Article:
Analysis 6: “Helena” ~ My Chemical Romance

17 09 2007

My Chemical Romance are not the most widely respected of rock bands, but you can’t really fault them on the music video front. I was spoilt for choice for which to analyse – should I do “I Don’t Love You” (clever use of CGI, and bursting with semiology and mise-en-scène points, plus blowing up a guitar and an amp in slow motion always looks cool) or “The Ghost Of You” (cuts between a 1940s dance, complete with ’40s guitars and haircuts, and the D-Day landing, combined with a touching narrative) or maybe “Welcome To The Black Parade” (mixes bizarre narrative about a terminally ill patient with dark homage to Sgt. Pepper’s Lonely Hearts Club Band)? In the end I decided on “Helena”.

1. The setting of this one is a church, with everyone dressed in funeral gear (black suits etc.). Visually speaking, this whole video has quite a gothic tone (more on that later). At the start, Gerard Way is standing at the pulpit in front of some candles. A close-up on some order of service-type booklets tells us that this is “In Memory of Helena”. People file into the church, incense is wafted around and mourners pass a coffin where the body of a young woman (presumably named Helena) is lying. A close-up shows a woman’s crying face.

2. There are many frequent cuts between two scenes – the first, the band performing at the front of the church, the second, Gerard Way in the pulpit singing as the mourners dance. In the latter, Gerard Way is cast as some sort of preacher, leading the service.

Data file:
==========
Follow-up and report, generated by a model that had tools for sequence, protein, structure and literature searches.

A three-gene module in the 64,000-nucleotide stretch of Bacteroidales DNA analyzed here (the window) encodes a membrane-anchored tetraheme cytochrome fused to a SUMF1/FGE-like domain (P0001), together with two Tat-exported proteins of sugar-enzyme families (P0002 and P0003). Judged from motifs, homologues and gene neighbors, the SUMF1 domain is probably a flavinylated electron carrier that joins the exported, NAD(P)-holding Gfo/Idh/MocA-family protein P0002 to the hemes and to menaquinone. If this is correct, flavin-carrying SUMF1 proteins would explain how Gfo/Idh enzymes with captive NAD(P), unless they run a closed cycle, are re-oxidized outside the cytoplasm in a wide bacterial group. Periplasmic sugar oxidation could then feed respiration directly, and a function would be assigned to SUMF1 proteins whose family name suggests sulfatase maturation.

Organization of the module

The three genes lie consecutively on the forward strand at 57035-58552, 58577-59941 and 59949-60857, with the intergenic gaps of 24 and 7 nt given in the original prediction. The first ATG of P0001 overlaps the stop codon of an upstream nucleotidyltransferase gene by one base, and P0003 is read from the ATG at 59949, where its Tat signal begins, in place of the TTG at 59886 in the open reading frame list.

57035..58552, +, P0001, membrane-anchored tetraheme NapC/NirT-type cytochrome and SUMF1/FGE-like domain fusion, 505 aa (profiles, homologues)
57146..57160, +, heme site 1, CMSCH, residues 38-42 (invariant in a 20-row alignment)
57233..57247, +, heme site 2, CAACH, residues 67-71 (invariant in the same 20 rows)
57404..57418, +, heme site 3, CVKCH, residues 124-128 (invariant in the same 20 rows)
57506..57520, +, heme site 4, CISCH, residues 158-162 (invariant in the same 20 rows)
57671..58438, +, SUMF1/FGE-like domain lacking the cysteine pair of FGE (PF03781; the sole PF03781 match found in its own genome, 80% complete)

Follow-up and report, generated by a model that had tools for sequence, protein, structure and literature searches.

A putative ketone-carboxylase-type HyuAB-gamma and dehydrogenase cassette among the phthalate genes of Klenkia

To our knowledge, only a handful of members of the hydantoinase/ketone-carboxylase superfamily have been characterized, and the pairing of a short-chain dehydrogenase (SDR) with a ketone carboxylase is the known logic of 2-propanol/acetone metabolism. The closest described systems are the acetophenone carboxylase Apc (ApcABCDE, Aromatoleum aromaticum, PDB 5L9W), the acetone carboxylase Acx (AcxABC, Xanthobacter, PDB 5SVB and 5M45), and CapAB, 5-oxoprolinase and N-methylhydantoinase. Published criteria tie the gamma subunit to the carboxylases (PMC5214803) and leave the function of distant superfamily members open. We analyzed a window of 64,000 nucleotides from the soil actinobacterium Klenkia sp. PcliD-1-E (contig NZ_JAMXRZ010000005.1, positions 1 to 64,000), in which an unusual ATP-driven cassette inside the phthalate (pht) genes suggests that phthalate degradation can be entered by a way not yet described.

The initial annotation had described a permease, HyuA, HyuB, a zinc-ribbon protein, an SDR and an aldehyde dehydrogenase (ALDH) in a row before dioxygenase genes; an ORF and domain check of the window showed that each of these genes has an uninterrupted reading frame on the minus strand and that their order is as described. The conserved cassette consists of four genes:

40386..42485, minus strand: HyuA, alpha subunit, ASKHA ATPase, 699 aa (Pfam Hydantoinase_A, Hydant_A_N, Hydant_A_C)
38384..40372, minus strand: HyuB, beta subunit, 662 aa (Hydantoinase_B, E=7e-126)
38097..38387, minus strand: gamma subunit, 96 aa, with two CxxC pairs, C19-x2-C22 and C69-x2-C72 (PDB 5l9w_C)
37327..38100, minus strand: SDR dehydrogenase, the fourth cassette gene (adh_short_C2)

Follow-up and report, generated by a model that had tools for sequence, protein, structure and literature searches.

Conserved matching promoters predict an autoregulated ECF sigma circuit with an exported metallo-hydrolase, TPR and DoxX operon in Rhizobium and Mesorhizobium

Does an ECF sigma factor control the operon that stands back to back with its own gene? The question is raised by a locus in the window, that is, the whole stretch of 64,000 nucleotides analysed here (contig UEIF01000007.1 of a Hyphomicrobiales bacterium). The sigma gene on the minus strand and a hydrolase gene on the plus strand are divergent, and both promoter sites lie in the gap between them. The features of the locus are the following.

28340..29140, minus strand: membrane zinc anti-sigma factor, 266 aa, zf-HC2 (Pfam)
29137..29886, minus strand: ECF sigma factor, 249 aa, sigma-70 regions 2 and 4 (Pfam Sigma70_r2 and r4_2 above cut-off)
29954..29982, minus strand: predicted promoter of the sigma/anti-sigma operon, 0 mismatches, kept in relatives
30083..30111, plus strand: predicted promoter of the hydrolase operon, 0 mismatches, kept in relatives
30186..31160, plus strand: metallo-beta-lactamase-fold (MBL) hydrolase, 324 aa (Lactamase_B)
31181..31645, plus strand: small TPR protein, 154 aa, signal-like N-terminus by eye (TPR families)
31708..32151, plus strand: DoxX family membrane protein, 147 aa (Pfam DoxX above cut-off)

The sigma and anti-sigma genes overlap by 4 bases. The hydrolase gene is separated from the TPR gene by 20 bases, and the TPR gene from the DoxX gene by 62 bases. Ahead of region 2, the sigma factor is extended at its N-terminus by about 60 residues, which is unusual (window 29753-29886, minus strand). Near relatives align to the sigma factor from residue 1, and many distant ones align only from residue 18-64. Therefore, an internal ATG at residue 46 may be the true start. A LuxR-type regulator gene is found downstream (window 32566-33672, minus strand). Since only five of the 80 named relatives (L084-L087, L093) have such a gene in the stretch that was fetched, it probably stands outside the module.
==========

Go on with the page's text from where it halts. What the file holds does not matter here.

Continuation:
3. When the chorus begins, Gerard Way lifts his arms and the mourners stand up with books and sing along (inaudibly) as though singing a hymn. At the end of the chorus, they sit down again.

4. During the second verse, there are frequent close-ups of the band playing. Mention should perhaps be made at this point of Gerard Way’s performance style. Simply put, it’s a little OTT, but his expressions and hand gestures are undeniably emotive. A high-angled shot is used to show the dancers lying on the floor and moving into various poses, possibly, given the context, symbolising death.

5. The congregation stands up again for the second chorus, and Gerard Way falls to his knees at the front of the church and reaches out, wide-eyed, towards the camera, which zooms in on him. The other musicians are shown briefly, and a pan shows the mourners singing, but the main focus of the camera is Gerard Way, and the dancers writhing behind him. He looks up to the sky as though despairing or crying to a loved one in Heaven, and a high-angle shot emphasises this. There are several cuts between him and the corpse, until, at the end of the chorus, he shuts his eyes…

6. …And the corpse opens her eyes. At this point everyone bows their heads and puts their hands together as though in prayer, and while their eyes are closed, the corpse dances down the aisle, unseen by any of them. This is a very gothic image, to my mind. A close-up shows her feet lowering themselves to the ground, and then there she is, in all her pale, undead glory. Tossing her bunch of flowers aside, she moves down the church, passing her hand over the head of a praying woman, and comes right up close to the camera, seizing it (note that the fourth wall is broken). Then she pushes it away and twirls around in a graceful, ballet-esque manner, before – this is clever – there is a cut to her feet twirling and coming to a halt, and when the camera cuts back, she is holding the flowers to her chest, gives a little gasp, shuts her eyes and falls backwards. Then there is another cut, and she lands back in the coffin. This whole sequence is very weird, and perhaps symbolises that her spirit lives on, or maybe a voyage to the afterlife.

7. I’m singin’ in the rain… oh, no, wait a minute, that’s something else. Cut to outside where we see some appropriately black umbrellas being put up and the mourners dance with them. It is raining heavily as MCR (plus one extra) carry the coffin down the steps. There are more close-ups of Gerard Way’s face as he sings, now displaying an expression of grief.